What Is Generation X or Gen X?
Generation X Overview
Generation X refers to people born between the mid-1960s and about 1980, directly following the Baby Boomers generation. As with most generational names, Gen X is a common descriptor intended to help identify a group of people who grew up in similar economic, technological, and political circumstances.
Gen X is also known as the “MTV Generation,” the “Latchkey Generation,” and the “Forgotten Generation” (not to be confused with the Silent Generation, known for serving in the Korean War which is often called the “Forgotten War”). Generation X is sandwiched between the Baby Boomers born before them and Millennials, or Generation Y, who follow after them.
Why Generation “X”?
Generation X encompasses the children born in the ‘60s and ‘70s when shifting societal and cultural changes started by the after-effects of World War II were becoming more prominent. For example, many more women were working, technology was rapidly changing, and divorce was on the rise.
Generation X is a term born from generational theory in the early 1990s, a time when X symbolized an unknown variable or a desire not to be defined. While not definitive sociological science, it helps group the population into generalized groups with similar characteristics.
In What Years Was Generation X Born?
Generation X members were typically born between the mid-1960s and 1980. The Pew Research Center says Generation X covers people born between 1965 and 1980. The Social Security Administration defines Gen X as people born between 1964 and 1979.
Included. Supported. Retained.
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What is Generation X Known For?
Gen X is sometimes called the “Forgotten Generation.” They are the smallest generation by population, with about 65 million people. Because Baby Boomers have tended to retire later than previous generations, and Millennials, with their tech-native skills, were a big draw for employers, Gen X members might have been overlooked, or “forgotten” by employers and marketers catering to Baby Boomer demands and anticipating the potential of Millennial purchasing power.
Generation X also came of age as cable television became far more prominent in homes. They are sometimes called the “MTV Generation,” as their adolescence coincides with the era the music video channel rose to prominence.
As with every generation, there were shifting societal and cultural changes that impacted how Generation X grew up. These factors have created several defining characteristics common among people in this generation.
What Are the 5 Most Common Characteristics of Generation X?
- Self-Reliance - Because of a growing shift to a dual-income family structure as they were growing up, many Gen Xers were left home alone after school until their parents got off work—leading to yet another nickname for this group, the “Latchkey Generation.” The need to rely on themselves for entertainment and take responsibility for their time, as well as the lack of oversight granted later by mobile devices, mean Generation X is strongly associated with self-reliance. Many members of Generation X are seen as independent, preferring DIY solutions or to find answers to problems themselves.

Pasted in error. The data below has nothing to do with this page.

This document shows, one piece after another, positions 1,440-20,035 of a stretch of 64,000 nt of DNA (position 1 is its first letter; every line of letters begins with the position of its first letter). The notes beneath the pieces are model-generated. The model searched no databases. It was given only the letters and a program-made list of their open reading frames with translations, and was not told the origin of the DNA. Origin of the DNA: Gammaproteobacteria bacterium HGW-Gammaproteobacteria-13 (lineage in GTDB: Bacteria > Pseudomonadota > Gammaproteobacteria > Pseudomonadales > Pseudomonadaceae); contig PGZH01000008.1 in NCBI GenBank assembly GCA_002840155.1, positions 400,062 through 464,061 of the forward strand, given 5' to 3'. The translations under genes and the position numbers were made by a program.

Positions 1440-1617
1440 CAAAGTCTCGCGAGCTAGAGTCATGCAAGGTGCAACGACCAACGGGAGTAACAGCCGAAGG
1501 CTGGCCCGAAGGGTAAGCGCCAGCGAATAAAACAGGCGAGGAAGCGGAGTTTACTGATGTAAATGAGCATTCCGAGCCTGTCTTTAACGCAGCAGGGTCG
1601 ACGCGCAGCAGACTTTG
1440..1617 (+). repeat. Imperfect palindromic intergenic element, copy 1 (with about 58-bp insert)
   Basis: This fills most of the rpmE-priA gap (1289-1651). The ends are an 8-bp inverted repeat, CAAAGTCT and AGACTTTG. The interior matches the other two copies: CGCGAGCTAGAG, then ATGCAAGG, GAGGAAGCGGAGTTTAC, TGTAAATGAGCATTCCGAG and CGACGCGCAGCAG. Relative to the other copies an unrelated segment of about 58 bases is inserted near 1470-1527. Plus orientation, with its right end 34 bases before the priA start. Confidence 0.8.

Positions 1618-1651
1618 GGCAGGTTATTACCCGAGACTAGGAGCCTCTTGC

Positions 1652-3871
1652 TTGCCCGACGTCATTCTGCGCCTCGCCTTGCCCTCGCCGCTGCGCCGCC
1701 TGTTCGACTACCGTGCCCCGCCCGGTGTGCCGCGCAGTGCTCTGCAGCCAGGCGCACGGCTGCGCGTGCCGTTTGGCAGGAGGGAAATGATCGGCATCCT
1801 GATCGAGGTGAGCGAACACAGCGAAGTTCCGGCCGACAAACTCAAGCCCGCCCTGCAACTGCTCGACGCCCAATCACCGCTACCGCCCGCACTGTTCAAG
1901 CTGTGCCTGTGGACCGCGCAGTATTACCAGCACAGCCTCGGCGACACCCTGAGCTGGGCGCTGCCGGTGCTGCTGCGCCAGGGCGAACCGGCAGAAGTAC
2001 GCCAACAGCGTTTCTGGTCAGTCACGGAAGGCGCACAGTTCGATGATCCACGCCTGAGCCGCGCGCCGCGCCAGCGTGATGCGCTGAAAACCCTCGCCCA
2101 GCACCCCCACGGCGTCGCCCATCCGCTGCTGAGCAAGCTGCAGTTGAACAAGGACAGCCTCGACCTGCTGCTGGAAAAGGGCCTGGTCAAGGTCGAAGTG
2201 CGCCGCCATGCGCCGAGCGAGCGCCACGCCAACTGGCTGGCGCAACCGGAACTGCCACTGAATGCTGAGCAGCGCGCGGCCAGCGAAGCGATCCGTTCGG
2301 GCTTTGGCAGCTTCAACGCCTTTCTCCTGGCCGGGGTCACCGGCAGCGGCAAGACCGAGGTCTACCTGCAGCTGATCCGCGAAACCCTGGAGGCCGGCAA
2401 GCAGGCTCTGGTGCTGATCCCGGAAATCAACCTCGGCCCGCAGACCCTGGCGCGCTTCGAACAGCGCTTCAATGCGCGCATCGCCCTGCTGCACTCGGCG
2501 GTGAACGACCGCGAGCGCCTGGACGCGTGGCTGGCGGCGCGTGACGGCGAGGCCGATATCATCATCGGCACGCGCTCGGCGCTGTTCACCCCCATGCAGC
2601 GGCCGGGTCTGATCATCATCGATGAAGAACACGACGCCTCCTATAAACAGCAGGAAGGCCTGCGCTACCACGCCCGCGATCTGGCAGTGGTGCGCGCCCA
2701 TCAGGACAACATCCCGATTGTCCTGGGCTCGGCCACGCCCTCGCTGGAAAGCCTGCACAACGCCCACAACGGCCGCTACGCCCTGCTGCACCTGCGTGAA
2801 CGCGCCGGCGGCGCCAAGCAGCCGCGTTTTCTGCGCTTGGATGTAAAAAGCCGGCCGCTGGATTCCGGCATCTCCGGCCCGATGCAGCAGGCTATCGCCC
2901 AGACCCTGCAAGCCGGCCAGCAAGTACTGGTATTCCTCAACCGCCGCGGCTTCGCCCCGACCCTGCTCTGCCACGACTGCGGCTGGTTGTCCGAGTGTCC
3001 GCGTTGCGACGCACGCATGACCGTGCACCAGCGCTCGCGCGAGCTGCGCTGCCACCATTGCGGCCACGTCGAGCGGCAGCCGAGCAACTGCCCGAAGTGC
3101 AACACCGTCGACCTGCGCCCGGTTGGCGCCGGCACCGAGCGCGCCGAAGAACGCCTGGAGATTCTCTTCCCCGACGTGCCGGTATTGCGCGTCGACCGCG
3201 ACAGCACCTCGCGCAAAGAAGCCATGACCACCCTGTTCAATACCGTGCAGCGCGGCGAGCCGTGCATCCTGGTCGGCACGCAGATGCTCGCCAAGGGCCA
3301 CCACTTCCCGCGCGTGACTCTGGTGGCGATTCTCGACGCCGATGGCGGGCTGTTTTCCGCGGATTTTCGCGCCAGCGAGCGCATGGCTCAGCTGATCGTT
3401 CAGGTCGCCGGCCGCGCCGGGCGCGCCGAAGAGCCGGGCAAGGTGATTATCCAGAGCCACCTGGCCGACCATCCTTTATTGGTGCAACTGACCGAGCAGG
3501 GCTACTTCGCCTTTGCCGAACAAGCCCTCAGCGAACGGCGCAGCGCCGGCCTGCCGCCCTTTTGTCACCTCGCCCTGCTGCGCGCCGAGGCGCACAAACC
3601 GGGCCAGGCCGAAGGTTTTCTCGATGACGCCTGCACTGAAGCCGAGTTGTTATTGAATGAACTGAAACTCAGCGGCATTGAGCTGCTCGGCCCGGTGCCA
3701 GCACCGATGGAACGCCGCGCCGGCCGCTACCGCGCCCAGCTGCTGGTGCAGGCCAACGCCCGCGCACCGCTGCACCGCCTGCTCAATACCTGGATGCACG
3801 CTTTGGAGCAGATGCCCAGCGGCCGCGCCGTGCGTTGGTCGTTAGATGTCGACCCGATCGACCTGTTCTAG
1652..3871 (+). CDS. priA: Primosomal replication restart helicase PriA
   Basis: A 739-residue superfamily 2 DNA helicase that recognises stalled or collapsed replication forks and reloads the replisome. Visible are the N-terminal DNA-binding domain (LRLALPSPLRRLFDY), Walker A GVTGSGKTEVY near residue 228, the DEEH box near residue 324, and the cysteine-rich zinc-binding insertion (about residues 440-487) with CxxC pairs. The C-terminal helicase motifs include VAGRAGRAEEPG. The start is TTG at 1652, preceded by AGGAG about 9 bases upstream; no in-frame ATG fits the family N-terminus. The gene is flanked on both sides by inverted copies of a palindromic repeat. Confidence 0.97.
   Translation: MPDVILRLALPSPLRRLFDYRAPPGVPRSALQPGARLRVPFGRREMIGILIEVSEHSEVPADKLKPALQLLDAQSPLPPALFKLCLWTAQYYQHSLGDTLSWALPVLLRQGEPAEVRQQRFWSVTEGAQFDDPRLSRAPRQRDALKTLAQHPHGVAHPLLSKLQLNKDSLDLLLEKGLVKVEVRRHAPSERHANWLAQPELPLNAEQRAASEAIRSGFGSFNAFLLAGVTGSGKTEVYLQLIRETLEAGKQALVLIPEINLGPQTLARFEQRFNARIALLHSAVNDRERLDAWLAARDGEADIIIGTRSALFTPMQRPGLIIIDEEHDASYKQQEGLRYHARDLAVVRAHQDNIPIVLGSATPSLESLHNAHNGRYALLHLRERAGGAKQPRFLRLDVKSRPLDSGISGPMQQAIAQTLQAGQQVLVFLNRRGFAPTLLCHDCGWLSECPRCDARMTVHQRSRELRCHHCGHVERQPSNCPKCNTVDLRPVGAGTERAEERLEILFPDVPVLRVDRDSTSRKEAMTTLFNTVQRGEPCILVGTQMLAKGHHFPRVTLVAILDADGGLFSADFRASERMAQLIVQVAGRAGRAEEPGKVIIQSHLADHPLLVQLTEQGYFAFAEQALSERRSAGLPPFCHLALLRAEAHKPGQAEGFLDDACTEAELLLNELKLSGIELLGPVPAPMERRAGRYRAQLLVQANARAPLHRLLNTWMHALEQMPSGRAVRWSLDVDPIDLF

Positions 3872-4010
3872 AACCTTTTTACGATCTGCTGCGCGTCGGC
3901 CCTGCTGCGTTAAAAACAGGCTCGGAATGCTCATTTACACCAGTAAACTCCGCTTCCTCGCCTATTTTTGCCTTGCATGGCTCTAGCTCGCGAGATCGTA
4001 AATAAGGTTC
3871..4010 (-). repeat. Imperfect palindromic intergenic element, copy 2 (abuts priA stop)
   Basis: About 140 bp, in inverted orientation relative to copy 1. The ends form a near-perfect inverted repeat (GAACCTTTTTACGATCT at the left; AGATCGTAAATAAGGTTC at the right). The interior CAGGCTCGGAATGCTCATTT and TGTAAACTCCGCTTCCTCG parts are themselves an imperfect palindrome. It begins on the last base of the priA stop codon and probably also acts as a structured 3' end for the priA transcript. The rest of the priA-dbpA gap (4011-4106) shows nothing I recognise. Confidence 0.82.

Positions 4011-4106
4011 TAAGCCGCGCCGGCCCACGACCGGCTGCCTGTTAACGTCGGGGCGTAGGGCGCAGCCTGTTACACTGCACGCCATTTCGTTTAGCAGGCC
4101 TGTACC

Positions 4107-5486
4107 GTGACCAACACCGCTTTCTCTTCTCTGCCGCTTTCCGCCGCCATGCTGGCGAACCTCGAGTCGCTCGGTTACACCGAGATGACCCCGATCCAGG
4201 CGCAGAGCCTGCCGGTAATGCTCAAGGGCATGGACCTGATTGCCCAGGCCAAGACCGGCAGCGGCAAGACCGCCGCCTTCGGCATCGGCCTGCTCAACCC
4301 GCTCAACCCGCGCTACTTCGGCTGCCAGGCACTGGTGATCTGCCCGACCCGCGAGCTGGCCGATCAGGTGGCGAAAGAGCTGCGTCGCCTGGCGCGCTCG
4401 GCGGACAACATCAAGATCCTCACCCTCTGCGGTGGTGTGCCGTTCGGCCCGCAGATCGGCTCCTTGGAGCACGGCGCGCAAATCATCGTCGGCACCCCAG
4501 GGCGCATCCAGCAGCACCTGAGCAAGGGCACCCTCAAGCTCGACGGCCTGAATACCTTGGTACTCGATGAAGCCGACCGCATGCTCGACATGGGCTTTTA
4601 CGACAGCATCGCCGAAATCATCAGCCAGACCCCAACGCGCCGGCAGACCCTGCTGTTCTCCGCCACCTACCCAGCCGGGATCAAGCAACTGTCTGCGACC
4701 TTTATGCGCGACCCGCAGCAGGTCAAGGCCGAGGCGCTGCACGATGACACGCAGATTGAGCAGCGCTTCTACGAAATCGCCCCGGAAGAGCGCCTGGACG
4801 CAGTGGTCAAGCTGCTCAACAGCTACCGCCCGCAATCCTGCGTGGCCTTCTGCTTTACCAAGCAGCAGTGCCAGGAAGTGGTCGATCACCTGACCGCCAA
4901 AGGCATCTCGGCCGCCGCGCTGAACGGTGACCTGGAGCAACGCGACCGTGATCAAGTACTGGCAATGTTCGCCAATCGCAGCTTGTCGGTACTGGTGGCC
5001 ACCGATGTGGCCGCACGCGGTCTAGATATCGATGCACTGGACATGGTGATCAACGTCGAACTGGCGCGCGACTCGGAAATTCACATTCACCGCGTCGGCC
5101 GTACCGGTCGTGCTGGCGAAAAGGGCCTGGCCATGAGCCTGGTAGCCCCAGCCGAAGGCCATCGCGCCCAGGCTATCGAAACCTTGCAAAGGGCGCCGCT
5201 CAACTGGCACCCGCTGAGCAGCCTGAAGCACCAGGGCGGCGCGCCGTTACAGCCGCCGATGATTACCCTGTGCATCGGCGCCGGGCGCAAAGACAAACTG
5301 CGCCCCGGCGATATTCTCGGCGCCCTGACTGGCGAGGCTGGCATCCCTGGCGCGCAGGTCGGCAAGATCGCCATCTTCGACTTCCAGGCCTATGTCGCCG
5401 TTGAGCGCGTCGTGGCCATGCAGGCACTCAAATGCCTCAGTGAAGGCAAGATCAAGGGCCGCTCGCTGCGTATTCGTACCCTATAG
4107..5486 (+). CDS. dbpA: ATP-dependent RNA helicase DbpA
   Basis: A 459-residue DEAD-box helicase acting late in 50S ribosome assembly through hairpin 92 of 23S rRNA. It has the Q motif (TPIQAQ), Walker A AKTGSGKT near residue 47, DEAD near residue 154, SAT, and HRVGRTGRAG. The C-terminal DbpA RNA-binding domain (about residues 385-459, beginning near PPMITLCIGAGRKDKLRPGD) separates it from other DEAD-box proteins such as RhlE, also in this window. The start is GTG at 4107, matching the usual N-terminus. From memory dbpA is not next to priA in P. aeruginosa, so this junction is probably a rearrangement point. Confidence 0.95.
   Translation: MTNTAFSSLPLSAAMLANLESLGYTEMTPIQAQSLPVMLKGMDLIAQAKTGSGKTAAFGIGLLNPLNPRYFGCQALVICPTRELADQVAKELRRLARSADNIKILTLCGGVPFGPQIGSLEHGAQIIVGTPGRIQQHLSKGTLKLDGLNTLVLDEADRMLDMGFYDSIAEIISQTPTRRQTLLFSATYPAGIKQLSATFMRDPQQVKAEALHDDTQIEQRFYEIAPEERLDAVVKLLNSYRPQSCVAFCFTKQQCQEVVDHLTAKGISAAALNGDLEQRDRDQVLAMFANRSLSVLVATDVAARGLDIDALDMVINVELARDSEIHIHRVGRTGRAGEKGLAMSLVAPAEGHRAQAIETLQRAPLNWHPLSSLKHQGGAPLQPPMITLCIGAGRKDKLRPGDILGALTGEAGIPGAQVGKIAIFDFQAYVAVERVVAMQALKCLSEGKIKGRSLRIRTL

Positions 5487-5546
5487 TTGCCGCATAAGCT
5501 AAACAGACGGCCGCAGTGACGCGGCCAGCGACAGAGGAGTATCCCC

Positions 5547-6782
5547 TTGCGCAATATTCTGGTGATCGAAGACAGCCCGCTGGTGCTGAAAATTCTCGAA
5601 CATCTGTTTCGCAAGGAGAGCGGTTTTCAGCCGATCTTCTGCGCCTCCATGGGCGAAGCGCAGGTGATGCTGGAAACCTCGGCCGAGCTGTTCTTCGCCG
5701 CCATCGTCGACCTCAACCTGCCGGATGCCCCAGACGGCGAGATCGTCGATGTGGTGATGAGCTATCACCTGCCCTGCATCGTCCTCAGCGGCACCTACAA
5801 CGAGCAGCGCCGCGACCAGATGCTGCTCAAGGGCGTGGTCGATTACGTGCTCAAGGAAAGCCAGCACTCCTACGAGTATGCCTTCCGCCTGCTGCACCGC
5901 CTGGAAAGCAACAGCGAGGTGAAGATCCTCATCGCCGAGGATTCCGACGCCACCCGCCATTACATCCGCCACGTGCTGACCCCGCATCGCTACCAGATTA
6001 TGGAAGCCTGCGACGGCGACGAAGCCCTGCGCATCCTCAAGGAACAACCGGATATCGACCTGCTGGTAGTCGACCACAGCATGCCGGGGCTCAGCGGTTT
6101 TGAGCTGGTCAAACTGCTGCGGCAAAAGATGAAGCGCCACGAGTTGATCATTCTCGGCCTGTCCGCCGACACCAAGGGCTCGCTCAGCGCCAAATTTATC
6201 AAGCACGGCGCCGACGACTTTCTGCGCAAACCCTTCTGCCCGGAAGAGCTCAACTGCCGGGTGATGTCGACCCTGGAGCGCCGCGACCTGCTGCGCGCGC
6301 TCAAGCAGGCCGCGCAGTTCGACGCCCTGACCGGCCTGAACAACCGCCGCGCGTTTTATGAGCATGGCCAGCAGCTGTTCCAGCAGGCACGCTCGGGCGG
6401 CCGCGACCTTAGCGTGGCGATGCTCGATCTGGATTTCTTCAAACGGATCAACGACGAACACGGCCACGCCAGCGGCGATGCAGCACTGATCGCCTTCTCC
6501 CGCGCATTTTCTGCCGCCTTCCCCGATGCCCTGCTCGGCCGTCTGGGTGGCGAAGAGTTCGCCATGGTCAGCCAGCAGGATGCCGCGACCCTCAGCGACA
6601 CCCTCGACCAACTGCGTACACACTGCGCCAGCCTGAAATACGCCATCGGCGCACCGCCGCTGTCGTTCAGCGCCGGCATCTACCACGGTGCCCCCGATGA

- Work-Life Balance - Gen X members are more likely to have well-defined working hours and take time off from work, with 31 percent of Gen X reporting they take more than 10 days off a year compared to only 21 percent of Millennials.
- Financial Pressure - Members of Gen X are more likely to care for aging parents while also having adult children at home, making them financially responsible for three generations. They are more likely to have credit card and student loan debt than generations before them. Because of this, Gen X members are more likely than Boomers or Millennials to believe they will have a harder time achieving financial security.
- Technologically Adept - Gen Xers were the first generation to come of age with personal computers, and they have lived through a rapid shift of technological advancements—from the birth of the internet and email onward. They are not as tech-dependent as Millennials or Gen Z, but they are comfortable with technology. At the same time, Gen Xers are some of the last people participating in pop culture to still be familiar with older technology such as rotary-dial telephones and mimeograph paper.
- Collaborative - Because they grew up in a time before smartphones and Google, Gen X is more likely to want to collaborate in person with coworkers to finish projects or solve problems. Other generations have described Gen X as “cooperative.”
How Is Gen X Different from Millennials?
One key way Gen X differs from Millennials is the latter’s reliance on technology. Millennials are tech natives and often seen as tech-dependent. Members of Generation X, meanwhile, are comfortable using technology but may just as easily be able to find analog solutions to problems. For example, many Millennials rely on navigation tools to travel to a new destination, while Gen Xers can use both navigation tools or hard copy maps to navigate if technology fails.
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